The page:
When the French-Canadian artist Sophie Labelle launched Assigned Male, her webcomic about an adolescent transgender girl named Stephanie, it was to create “relatable content for my trans friends at school,” she explains. “It was never intended to be educative. I wanted to depict microaggressions in trans people’s daily lives and basically make jokes off of them!”
Three years later, as her webcomic has begun attracting wider attention, Labelle has drawn flak from some critics who feel that her approach is too strident in a world that is just starting to learn about trans identity. But Labelle has held to her original vision for the series.
“Every time trans people are portrayed in culture or in the media, it is done with the intent to ‘educate’ and ‘demystify,’ ” she says. “While I recognize that this is an important aspect of changing mentalities, I think it also has the effect of dehumanizing and other-izing trans people, as if we were only good for documentaries.”
As for those microaggressions, Labelle masterfully constructs vivid narratives that relate the kinds of things trans people are liable to encounter every day. In one strip, Stephanie’s cisgender dad suggests that she should be more patient with other people’s questions about being a trans woman. Her reply: “I might not want to spend every second I’m alive justifying my existence.”
It’s these uncompromisingly positive portrayals of trans life that Labelle believes led to her being targeted by “alt right” trolls in late May of this year. The online attackers sent her death threats, vandalized her Assigned Male Facebook page with graphic anti-trans messages, and doxxed her by publishing her home address on neo-Nazi websites, forcing her to move abruptly. She also canceled a Halifax release party in May for her new book, Dating Tips for Trans and Queer Weirdos, after the owners and customers of the store hosting it received threats.
“From what I can understand, there’s two things they really resent me for,” she says of her tormentors. “The fact that I have an inclusive and positive approach to transness by trying to reframe it into something that could be empowering, and the fact I include non-binary and intersex characters in my comic. Both of those things really piss them off!”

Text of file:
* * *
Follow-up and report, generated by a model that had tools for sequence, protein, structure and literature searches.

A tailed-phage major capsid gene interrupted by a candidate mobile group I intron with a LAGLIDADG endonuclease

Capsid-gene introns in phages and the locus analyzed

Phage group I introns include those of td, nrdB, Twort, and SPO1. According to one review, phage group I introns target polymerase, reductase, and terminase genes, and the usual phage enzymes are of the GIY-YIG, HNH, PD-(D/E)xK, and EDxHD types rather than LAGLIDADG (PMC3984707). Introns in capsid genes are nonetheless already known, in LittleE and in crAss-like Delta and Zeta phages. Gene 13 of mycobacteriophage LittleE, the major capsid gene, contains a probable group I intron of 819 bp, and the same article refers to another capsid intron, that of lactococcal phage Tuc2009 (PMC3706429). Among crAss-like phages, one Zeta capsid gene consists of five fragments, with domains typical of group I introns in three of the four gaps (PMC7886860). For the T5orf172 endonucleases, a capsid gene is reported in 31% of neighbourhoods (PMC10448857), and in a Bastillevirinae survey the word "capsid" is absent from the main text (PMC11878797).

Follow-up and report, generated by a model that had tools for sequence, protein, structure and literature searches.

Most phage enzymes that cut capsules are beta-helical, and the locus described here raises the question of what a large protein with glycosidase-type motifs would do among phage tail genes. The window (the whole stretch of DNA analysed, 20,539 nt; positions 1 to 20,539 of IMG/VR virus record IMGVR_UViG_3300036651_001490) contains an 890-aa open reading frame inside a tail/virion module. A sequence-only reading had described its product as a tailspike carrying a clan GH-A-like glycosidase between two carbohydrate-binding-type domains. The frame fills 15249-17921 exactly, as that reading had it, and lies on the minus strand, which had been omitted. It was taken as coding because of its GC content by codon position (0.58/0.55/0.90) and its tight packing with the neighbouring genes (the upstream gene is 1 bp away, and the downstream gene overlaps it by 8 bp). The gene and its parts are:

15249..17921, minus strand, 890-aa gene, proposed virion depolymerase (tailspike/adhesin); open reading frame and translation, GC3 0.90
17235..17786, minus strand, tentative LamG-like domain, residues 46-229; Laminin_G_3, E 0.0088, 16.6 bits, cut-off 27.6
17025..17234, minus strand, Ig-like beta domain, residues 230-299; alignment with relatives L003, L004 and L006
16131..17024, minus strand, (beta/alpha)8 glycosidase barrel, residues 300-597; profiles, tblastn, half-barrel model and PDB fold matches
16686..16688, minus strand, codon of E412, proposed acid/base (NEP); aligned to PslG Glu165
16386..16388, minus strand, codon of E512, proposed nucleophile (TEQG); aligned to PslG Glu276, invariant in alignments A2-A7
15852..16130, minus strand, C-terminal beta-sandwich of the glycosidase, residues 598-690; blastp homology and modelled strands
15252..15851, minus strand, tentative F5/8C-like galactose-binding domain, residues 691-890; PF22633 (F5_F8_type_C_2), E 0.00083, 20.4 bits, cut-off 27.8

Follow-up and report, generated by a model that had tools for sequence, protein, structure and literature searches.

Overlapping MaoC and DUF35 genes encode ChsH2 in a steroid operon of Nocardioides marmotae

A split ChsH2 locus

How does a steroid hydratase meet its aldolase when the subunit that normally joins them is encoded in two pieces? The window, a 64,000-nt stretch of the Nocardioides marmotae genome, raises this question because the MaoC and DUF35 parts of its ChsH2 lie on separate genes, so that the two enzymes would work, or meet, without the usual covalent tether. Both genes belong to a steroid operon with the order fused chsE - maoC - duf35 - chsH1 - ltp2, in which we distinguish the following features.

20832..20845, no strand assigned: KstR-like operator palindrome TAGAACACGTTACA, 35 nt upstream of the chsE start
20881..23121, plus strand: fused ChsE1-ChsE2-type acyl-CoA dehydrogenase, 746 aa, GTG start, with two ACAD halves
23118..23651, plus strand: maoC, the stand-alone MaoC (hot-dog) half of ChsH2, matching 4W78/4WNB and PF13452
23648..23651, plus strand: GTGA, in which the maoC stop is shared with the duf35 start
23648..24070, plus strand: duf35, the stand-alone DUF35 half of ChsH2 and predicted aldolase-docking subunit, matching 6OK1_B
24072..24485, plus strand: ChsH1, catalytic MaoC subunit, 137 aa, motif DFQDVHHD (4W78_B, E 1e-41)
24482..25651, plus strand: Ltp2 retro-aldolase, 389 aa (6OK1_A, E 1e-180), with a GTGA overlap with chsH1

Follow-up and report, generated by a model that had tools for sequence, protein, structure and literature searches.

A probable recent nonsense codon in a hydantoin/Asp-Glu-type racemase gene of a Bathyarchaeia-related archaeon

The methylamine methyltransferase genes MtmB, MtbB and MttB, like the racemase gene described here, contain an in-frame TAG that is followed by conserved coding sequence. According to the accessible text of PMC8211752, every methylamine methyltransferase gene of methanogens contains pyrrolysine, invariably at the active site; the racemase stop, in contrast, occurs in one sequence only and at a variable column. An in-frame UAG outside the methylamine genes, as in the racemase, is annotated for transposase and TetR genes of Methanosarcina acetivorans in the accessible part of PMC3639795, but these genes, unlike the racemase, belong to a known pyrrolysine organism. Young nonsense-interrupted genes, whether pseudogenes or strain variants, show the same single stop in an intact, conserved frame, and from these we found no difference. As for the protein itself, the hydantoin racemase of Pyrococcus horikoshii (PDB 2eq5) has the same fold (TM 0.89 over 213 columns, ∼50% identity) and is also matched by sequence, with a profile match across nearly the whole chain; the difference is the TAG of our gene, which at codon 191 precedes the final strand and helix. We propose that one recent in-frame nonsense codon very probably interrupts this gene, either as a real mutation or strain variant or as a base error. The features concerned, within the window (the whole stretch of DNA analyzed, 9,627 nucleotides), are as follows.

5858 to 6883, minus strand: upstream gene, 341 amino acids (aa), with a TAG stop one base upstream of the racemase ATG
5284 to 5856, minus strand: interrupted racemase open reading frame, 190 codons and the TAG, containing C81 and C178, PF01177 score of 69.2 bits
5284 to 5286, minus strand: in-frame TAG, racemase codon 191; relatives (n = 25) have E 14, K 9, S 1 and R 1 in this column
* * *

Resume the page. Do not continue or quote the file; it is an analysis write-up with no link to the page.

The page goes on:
Labelle is encouraged by transgender people’s new visibility thanks to achievements like the success of Laverne Cox in Orange Is the New Black and former Olympic hero Caitlyn Jenner’s coming out on network TV. But she says it’s brought new dangers as well.
“More trans people are made aware that being trans is an actual thing and that there’s no need to be ashamed of it, and that’s absolutely wonderful and makes us stronger as a community,” she says. “The negative aspect is that it made us, more than in previous decades, an easy target for hate groups, who are suddenly vastly invested in trans issues. As a group that’s so marginalized, it seems easy to take us as scapegoats: Hitler did the same thing when the Nazis decided to burn down the [Institute for Sexual Science], which contained the biggest archive of trans history in the world. It’s not a new thing.”
Still, Labelle is heartened that trans people no longer feel the need to hide from society in order to survive. “We see with younger generations that a future is possible without having to live a life of secrecy,” she says. “Our basic rights are still at stake, and trans people, mostly trans women of color, are still being murdered on a daily basis. The difference is that now, we’re talking about it.”